Friday, July 22, 2016

Donald Trump, the Siberian Candidate

Photo
CreditEric Thayer for The New York Times
If elected, would Donald Trump be Vladimir Putin’s man in the White House? This should be a ludicrous, outrageous question. After all, he must be a patriot — he even wears hats promising to make America great again.
But we’re talking about a ludicrous, outrageous candidate. And the Trump campaign’s recent behavior has quite a few foreign policy experts wondering just what kind of hold Mr. Putin has over the Republican nominee, and whether that influence will continue if he wins.
I’m not talking about merely admiring Mr. Putin’s performance — being impressed by the de facto dictator’s “strength,” and wanting to emulate his actions. I am, instead, talking about indications that Mr. Trump would, in office, actually follow a pro-Putin foreign policy, at the expense of America’s allies and her own self-interest.
That’s not to deny that Mr. Trump does, indeed, admire Mr. Putin. On the contrary, he has repeatedly praised the Russian strongman, often in extravagant terms. For example, when Mr. Putin published an article attacking American exceptionalism, Mr. Trump called it a “masterpiece.”
But admiration for Putinism isn’t unusual in Mr. Trump’s party. Well before the Trump candidacy, Putin envy on the right was already widespread.
For one thing, Mr. Putin is someone who doesn’t worry about little things like international law when he decides to invade a country. He’s “what you call a leader,” declared Rudy Giuliani after Russia invaded Ukraine.
It’s also clear that the people who gleefully chanted “Lock her up” — not to mention the Trump adviser who called for Hillary Clinton’s execution — find much to admire in the way Mr. Putin deals with his political opponents and critics. By the way, while the Secret Service is investigating the comments about executing Mrs. Clinton, all the Trump campaign had to say was that it “does not agree with those statements.”

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Arguments, provocations and observations from Times Opinion writers.
And many on the right also seem to have a strange, rather creepy admiration for Mr. Putin’s personal style. Rush Limbaugh, for example, declared that while talking to President Obama, “Putin probably had his shirt off practicing tai chi.”
All of this is, or should be, deeply disturbing; what would the news media be saying if major figures in the Democratic Party routinely praised leftist dictators? But what we’re now seeing from Mr. Trump and his associates goes beyond emulation, and is starting to look like subservience.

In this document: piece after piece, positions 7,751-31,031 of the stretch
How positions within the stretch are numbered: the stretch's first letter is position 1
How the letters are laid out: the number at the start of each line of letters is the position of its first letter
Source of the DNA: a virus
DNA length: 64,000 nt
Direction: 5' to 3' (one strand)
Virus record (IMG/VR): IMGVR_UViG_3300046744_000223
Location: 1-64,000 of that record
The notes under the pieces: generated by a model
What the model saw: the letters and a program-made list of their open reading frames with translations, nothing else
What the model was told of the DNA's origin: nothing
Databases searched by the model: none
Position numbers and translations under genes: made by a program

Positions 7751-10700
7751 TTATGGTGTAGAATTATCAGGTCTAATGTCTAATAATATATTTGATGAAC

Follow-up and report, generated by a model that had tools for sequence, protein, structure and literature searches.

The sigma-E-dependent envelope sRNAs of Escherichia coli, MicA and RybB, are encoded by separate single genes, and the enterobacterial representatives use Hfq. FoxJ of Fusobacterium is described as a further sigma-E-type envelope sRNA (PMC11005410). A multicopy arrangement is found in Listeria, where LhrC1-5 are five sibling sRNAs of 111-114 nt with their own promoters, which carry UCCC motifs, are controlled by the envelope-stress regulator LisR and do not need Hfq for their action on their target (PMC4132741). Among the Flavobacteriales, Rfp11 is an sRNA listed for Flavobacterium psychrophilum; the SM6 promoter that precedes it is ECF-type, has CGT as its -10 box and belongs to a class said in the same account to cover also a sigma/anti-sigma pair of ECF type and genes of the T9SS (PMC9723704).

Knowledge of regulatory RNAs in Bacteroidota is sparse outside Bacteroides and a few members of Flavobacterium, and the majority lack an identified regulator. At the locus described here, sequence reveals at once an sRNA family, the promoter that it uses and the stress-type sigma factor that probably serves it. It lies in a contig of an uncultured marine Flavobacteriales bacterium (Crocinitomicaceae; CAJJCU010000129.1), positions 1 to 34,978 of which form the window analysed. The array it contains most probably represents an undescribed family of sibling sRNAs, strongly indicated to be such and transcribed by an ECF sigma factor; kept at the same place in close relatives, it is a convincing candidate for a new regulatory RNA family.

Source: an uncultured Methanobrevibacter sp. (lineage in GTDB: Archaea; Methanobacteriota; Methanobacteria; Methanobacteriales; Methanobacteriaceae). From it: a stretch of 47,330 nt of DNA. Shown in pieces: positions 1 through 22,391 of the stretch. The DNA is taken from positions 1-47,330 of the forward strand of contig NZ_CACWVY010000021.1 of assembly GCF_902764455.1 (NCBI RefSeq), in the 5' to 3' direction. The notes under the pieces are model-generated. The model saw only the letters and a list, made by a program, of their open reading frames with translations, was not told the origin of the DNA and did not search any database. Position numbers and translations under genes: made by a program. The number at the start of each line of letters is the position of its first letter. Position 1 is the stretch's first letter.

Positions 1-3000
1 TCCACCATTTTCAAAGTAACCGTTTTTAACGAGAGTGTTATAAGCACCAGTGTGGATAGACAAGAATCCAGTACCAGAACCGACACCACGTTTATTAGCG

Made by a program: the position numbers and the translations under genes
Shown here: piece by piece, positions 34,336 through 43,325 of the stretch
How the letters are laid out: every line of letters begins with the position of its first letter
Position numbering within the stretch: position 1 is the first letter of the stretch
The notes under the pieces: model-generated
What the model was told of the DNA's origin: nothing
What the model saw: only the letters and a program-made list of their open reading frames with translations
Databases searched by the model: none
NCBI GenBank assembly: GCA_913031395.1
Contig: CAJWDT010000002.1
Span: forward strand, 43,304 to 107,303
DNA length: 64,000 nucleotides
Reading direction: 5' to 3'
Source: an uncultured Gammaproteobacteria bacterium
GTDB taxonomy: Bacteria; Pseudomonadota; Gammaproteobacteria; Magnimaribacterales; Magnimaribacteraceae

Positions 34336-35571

First, there was the Ukraine issue — one on which Republican leaders have consistently taken a hard line and criticized Mr. Obama for insufficient action, with John McCain, for example, accusing the president of “weakness.” And the G.O.P. platform was going to include a statement reaffirming this line, but it was watered down to blandness on the insistence of Trump representatives.
Then came Mr. Trump’s interview with The New York Times, in which, among other things, he declared that even if Russia attacked members of NATO he would come to their aid only if those allies — which we are bound by treaty to defend — have “fulfilled their obligations to us.”
Now, some of this is Mr. Trump’s deep ignorance of policy, his apparent inability to understand that you can’t run the U.S. government the way he has run his ramshackle business empire. We know from many reports about his stiffing of vendors, his history of profiting from enterprises even as they go bankrupt, that he sees contracts as suggestions, clear-cut financial obligations as starting points for negotiation. And we know that he sees fiscal policy as no different; he has already talked about renegotiating U.S. debt. So why should we be surprised that he sees diplomatic obligations the same way?
But is there more to the story? Is there some specific channel of influence?
We do know that Paul Manafort, Mr. Trump’s campaign manager, has worked as a consultant for various dictators, and was for years on the payroll of Viktor Yanukovych, the former Ukrainian president and a Putin ally.
And there are reasons to wonder about Mr. Trump’s own financial interests. Remember, we know nothing about the true state of his business empire, and he has refused to release his taxes, which might tell us more. We do know that he has substantial if murky involvement with wealthy Russians and Russian businesses. You might say that these are private actors, not the government — but in Mr. Putin’s crony-capitalist paradise, this is a meaningless distinction.
At some level, Mr. Trump’s motives shouldn’t matter. We should be horrified at the spectacle of a major-party candidate casually suggesting that he might abandon American allies — just as we should be horrified when that same candidate suggests that he might welsh on American financial obligations. But there’s something very strange and disturbing going on here, and it should not be ignored.
NYT

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